Begin With Me: Part 1

23 Oct

I am no professional photographer – nowhere near it for that matter (I only just recently started learning how to use a manual camera). However, I do believe that, for the level I am at, I have a fairly good eye for composition. In addition, I not only have an extreme passion for editing photos (probably even more than taking them), but also (I think) a good eye for what effects/tweaks etc. may look good or interesting on a photograph in post and what may not.

In starting this blog, I feel it necessary to first look at my own work and critique it before critiquing or discussing others’. And so, we begin with me: The photos I’ll mainly be looking at right now are from my trip to the UK in July 2011. For those who don’t know me too well, I’m a bit of a Brit-Obsesso so I was completely in my element on this trip. I wanted to photograph anything and everything – better to have more than less right? I especially wanted to explore Cornwall and its relationship with the Arthurian Legend. Naturally, we first visited Tintagel where, legend has it, is King Arthur’s birth place but also got the opportunity to discover places such as St. Michael’s Mount, The Eden Project, The Lost Gardens of Heligan, Stonehenge, Bath as well as some of the local, quaint towns in each area. While this trip was a vacation (with my parents), it was the first time I felt liberated by my surroundings; every stone, every wall, every bridge, every tea shop, and every doorway seemed exciting. Each place wreaked of history and nostalgia and I wanted to know every inch of its past. Places and objects of the past seem to have that effect on you, perhaps because rediscovery ensures that the past remains with us and that nothing is lost between the cracks and wrinkles made by time. And what better way is there to freeze the past than by photographing it? Often times, if you’re lucky, photographs capture something (a mood, an object, an idea) that you didn’t notice in the first place.

Confession: First off, it’s important to note that the below images were taken with an automatic digital camera. As a result, I thought it best to tackle analyzing the composition of the photos, an element that (for the most part) was in my control, rather than elements such as aperture or shutter speed.

With that out-of-the-way, I thought I would start off with a couple landscape shots before jumping to photographs of the main castle ruins and sites. Some of my favourite subjects to photograph are usually long, winding roads/pathways or spiral staircases because of the vast depth of field they give to a photo. They seem to imbue a sense of infinite mystery…and with mystery always comes curiosity. It’s as though the photograph is pulling you in:

3 elements: Symmetry, Lines, & a deep depth of field. I always felt symmetry & lines were helpful elements in drawing one’s attention to the main focus point of an image – I tried using the symmetrical railings on either side of the bridge along with a deep depth of field to focus your eyes on the length & depth of the bridge. This focus, in combination with the photo’s landscape, lends itself to a sense of mystery and wonder. The sides of the bridge, overpowered by the nature that surrounds them, are crawling with overgrown ivy & foliage. It’s not just a photograph – it tells a story. It makes you wonder where the bridge leads, what it’s for, and what mysteries lie in its past. It’s the viewer’s job to imagine the answers.  Location: The Arthurian Centre, Camelford, Cornwall, UK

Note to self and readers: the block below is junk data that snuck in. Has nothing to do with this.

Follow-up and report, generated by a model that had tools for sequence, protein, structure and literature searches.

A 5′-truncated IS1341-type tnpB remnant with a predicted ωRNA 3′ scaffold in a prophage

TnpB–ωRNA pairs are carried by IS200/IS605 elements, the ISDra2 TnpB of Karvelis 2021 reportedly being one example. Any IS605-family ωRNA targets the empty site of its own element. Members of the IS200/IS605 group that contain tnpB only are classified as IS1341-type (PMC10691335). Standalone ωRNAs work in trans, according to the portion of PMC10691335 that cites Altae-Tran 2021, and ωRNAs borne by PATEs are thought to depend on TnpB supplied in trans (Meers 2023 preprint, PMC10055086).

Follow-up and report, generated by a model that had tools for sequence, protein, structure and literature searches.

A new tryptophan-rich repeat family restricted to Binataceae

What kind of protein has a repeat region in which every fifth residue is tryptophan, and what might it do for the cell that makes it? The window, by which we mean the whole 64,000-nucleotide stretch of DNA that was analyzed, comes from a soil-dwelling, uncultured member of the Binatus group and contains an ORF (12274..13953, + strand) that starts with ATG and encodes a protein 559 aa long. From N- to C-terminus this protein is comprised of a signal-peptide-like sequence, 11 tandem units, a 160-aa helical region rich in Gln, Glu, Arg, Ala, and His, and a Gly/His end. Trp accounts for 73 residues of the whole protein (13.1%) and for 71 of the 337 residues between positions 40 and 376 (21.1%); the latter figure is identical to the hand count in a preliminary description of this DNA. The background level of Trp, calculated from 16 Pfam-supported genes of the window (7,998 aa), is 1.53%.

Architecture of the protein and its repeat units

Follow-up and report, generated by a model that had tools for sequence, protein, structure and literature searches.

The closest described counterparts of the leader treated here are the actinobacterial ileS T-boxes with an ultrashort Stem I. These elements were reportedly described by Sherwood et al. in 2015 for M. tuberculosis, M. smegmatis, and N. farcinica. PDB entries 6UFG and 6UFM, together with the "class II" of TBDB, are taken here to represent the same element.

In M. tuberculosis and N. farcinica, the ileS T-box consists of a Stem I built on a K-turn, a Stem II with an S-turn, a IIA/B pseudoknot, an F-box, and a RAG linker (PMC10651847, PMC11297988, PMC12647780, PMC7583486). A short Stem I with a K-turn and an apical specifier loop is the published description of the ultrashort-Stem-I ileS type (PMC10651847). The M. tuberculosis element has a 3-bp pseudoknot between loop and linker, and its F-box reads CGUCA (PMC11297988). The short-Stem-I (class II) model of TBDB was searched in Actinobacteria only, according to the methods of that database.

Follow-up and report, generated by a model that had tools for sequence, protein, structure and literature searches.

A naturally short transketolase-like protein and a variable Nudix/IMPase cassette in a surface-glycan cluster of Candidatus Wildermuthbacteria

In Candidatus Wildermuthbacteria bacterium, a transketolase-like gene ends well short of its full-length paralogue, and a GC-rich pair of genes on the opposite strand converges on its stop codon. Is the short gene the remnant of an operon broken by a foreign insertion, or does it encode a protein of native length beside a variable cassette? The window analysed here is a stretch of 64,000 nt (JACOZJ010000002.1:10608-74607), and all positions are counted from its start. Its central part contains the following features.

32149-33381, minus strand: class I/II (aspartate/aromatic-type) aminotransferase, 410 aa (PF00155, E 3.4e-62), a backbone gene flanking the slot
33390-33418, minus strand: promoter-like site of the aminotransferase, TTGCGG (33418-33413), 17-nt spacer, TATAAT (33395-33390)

Low Angles: I tried to shoot this staircase from a low angle, elongating the staircase and also slightly exaggerating the size of the nearby stones, which adds that bizarre and fantastical mood to the photo.   Location: St. Michael’s Mount, Marazion, Cornwall, UK

More to come soon!

Sources used: http://digital-photography-school.com/5-elements-of-composition-in-photography#

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5 Responses to “Begin With Me: Part 1”

  1. Gracie October 23, 2012 at 10:57 pm #

    Excellent images. I like the second photo a lot, the composition and the perspective, it is an open invitation to walk up those steps.

    • nasheer05 October 25, 2012 at 11:40 am #

      Thanks Gracie! That is exactly the effect I was going for. I love low angles – they give us a perspective we rarely get to see.

  2. travellingbag October 24, 2012 at 12:40 am #

    This blog is perfectly timed for me. I’m not much of a photographer, point and shoot is about where I’m at. But, next May I’m heading for Everest Base Camp and I intend to come back with some amazing photos. So … I’m looking into buying a new camera and taking a photography course before I go.

    • nasheer05 October 25, 2012 at 11:45 am #

      Thanks for the follow and the comment travellingbag! I’m at the same place and really trying to get more experience with a manual camera – it’s tough at first – takes a lot of fiddling and practice but definitely a lot of fun. Your trip sounds awesome – you should definitely blog about it and put up the photos you take. Let me know what class you end up taking – I’d love to do something like that at somepoint as well.

  3. lensandpensbysally October 25, 2012 at 1:25 pm #

    Thanks you for becoming a “Follower.” Now I can stroll through your site.

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